An Introduction to Activity-Based Selling

How shifting your focus leads to better sales results.

July 17, 2016

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When you hear the word “selling,” closing a deal might be the first thing to come to mind. While this mindset makes sense at first – we all need to make money – you need to focus on doing the opposite.

In activity-based selling, you keep your focus on the actions that make a sale happen, rather than the close of the sale itself, operating on the knowledge that you’ll get better sales results by completing key steps with a prospect.

Notice, I did not say forget about results. But the foundation of activity-based selling lies in resisting the temptation to make results your focus.

Think of it as a marathon. At the start of the race, you know your goal: make it to the finish line in the shortest amount of time. But in an activity-based approach, once you start running, you don’t focus on the finish. Instead, you concentrate on what you’re doing at the moment. How quickly you’re running. How well you’re breathing. How often you swig water.

Yet your goal is in the back of your mind, and it stays there.

This is the core mental shift you need to make.

Why it works so well

The constant uncertainty, frequent rejection… and worries over quotas… and reliance on commissions to pay your bills… and the conflicting desire to spend time with your loved ones… can eat away at you.

Activity-based selling helps turn all of this around by putting you in control. It allows you to build a more desirable life – while simultaneously boosting your closure rate.

Typically in sales, even if you do everything right, most of the time you will face failure. This is because the result you’re looking for is entirely out of your control. You simply cannot control whether someone will decide to buy, or when.

But you can decide for a set period, perhaps a month, that you’re going to follow a system you’ve established and focus on your own actions. When you do this, you suddenly find yourself more productive. All great achievers do more of the things that ultimately lead to the sale – the best salespeople, for instance, speak to many more prospects than they have buyers.

8 steps to build an activity-based plan

In changing how you operate, it’s critical to design your process around simple, concrete steps you can take, even when it looks like nothing is coming your way.

1. Understand your goals. This might seem counterintuitive: “Isn’t the whole point not to fixate on the goals?” Yes. But you need to know what your goals are from the start to decide what specific actions to take to achieve them.

2. Know your “why.” Determine the personal meaning behind your goals. Certainly, there’s the need to make money to pay the bills. But there’s often something deeper at work as well. Dig into that.

3. Map your successes. Take a good, hard look at the times you have been successful.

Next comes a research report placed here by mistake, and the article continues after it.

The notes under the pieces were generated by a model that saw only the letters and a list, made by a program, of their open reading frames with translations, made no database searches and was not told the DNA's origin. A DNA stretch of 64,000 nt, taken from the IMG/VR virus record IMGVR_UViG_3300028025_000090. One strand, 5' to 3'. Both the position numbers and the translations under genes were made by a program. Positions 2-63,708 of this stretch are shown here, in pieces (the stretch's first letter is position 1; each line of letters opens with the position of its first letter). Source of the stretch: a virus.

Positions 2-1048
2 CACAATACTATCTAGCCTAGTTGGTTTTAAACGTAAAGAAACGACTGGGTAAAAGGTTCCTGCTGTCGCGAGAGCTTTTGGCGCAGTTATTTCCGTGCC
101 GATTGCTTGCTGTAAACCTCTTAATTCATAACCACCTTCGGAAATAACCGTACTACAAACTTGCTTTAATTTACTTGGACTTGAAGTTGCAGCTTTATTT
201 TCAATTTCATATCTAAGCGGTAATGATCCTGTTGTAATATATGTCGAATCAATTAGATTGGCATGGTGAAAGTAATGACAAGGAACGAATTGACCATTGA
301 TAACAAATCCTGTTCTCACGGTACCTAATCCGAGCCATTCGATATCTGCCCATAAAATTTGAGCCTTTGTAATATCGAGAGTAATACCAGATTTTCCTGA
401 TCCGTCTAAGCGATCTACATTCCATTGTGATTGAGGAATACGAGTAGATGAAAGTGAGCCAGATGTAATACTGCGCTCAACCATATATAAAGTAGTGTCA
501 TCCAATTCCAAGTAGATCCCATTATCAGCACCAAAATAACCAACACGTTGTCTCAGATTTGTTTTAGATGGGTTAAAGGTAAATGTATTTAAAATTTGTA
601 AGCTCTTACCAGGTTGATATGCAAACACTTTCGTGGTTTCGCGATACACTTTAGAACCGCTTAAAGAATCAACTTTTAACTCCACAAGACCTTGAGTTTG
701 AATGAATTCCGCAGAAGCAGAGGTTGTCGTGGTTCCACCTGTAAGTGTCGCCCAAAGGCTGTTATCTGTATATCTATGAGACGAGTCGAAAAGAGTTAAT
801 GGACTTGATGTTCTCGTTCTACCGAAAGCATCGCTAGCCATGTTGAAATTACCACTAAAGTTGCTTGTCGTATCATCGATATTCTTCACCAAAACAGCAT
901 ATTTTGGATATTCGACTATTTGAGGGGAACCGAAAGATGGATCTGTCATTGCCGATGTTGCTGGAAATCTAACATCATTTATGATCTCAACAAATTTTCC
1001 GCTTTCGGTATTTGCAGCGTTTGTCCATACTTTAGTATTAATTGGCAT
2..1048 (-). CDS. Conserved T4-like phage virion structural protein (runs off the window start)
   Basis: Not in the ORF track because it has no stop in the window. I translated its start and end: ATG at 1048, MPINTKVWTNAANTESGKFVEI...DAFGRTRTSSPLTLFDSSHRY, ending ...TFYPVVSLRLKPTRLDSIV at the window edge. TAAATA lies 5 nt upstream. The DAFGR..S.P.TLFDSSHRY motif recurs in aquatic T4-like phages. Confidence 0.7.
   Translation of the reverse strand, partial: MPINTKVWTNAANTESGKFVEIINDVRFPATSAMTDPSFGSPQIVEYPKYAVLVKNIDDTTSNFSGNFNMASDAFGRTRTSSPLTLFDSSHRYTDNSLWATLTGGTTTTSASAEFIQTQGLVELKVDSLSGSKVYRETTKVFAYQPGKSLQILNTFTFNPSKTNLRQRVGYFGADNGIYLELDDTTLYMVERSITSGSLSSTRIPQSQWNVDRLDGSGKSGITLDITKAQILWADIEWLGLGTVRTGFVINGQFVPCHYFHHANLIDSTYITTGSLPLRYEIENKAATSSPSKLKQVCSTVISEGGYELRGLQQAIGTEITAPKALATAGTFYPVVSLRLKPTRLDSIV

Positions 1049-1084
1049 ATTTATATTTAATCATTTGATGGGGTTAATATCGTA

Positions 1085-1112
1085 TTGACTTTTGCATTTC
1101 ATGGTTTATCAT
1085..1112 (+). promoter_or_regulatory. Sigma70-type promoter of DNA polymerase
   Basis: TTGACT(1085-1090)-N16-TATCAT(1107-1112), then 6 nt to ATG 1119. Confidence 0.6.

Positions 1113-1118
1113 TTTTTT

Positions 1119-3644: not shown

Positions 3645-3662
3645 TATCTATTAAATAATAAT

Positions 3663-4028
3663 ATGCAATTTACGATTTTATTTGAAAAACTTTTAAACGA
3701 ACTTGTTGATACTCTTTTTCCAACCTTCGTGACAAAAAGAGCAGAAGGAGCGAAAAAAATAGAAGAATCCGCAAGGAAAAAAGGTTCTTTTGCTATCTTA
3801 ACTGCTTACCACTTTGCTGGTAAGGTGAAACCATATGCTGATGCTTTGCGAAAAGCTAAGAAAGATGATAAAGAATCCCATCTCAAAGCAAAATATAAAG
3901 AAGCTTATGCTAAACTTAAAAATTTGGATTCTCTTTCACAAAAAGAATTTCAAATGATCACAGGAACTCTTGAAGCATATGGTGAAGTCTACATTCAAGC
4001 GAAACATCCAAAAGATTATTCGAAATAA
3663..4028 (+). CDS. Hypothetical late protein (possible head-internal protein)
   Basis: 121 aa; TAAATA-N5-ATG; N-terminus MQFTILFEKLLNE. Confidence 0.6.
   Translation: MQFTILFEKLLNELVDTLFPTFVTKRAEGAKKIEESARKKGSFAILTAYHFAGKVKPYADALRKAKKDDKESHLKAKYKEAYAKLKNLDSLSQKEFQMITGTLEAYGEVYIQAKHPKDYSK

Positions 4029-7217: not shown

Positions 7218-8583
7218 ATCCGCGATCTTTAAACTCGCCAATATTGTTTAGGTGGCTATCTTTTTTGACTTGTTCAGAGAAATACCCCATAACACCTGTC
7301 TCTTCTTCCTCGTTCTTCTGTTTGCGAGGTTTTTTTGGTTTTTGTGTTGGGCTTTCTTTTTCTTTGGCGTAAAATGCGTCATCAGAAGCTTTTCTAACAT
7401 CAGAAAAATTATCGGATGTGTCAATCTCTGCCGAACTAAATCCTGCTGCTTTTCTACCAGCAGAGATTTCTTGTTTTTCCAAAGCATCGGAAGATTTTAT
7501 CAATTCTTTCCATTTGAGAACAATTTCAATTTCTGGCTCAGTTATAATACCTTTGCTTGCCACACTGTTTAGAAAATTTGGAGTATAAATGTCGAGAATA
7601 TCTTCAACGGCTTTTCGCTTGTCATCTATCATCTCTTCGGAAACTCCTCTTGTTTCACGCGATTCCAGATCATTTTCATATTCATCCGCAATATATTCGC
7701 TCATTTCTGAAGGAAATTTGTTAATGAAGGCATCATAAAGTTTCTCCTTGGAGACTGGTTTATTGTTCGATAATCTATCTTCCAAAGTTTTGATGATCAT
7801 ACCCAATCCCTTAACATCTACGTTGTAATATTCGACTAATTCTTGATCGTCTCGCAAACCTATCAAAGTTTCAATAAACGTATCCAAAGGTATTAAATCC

Look for commonalities in your actions when you were successful. List them. When salespeople do this, they often find themselves saying: “Wow, that’s my process.”

4. Tap action resources. It may be helpful to research some of the most successful sales management techniques, which can offer excellent ideas to experiment with, even as a salesperson. But don’t assume that other people’s techniques will work for you – no matter how senior – nor give up on the actions that are already working for you.

5. Calculate your action metrics. Use the figures you have in front of you. You know what your goals are. You should know your KPIs. You should know the steps to keep your KPIs on track. And you have to be able to track, analyze and compare data, in a convenient and accessible way.

6. Set weekly and daily action metrics. This is a crucial step to make sure your goal is realistic. While it’s good to be ambitious, it’s also essential to make sure you can carry the load each day.

7. Take stock. At the end of each week, look back at those metrics. Treat yourself, even in some small way, to celebrate the metrics you achieved. And be honest with yourself about those you missed, so that you can rebound.

8. Evolve. The pace at which this new approach starts working is different for every person, depending on their style, ambition, potential, and other factors. But after a while, you should start to recognize that things are moving along better than before.

More prospects are entering the pipeline. More deals are progressing. More sales are happening.

Then, you’ll start to ask more of yourself. You’ll calculate and recalibrate your action metrics higher to make it happen. And it will. This is true not just in sales, but in everything. You evolve and improve through commitment to your goals – and that starts with committing to the action in front of you.

By being aware of your actions and having a plan, you’ll equip yourself to thrive as a salesperson. And when you master activity-based sales, you’ll put yourself on the best possible track to success.

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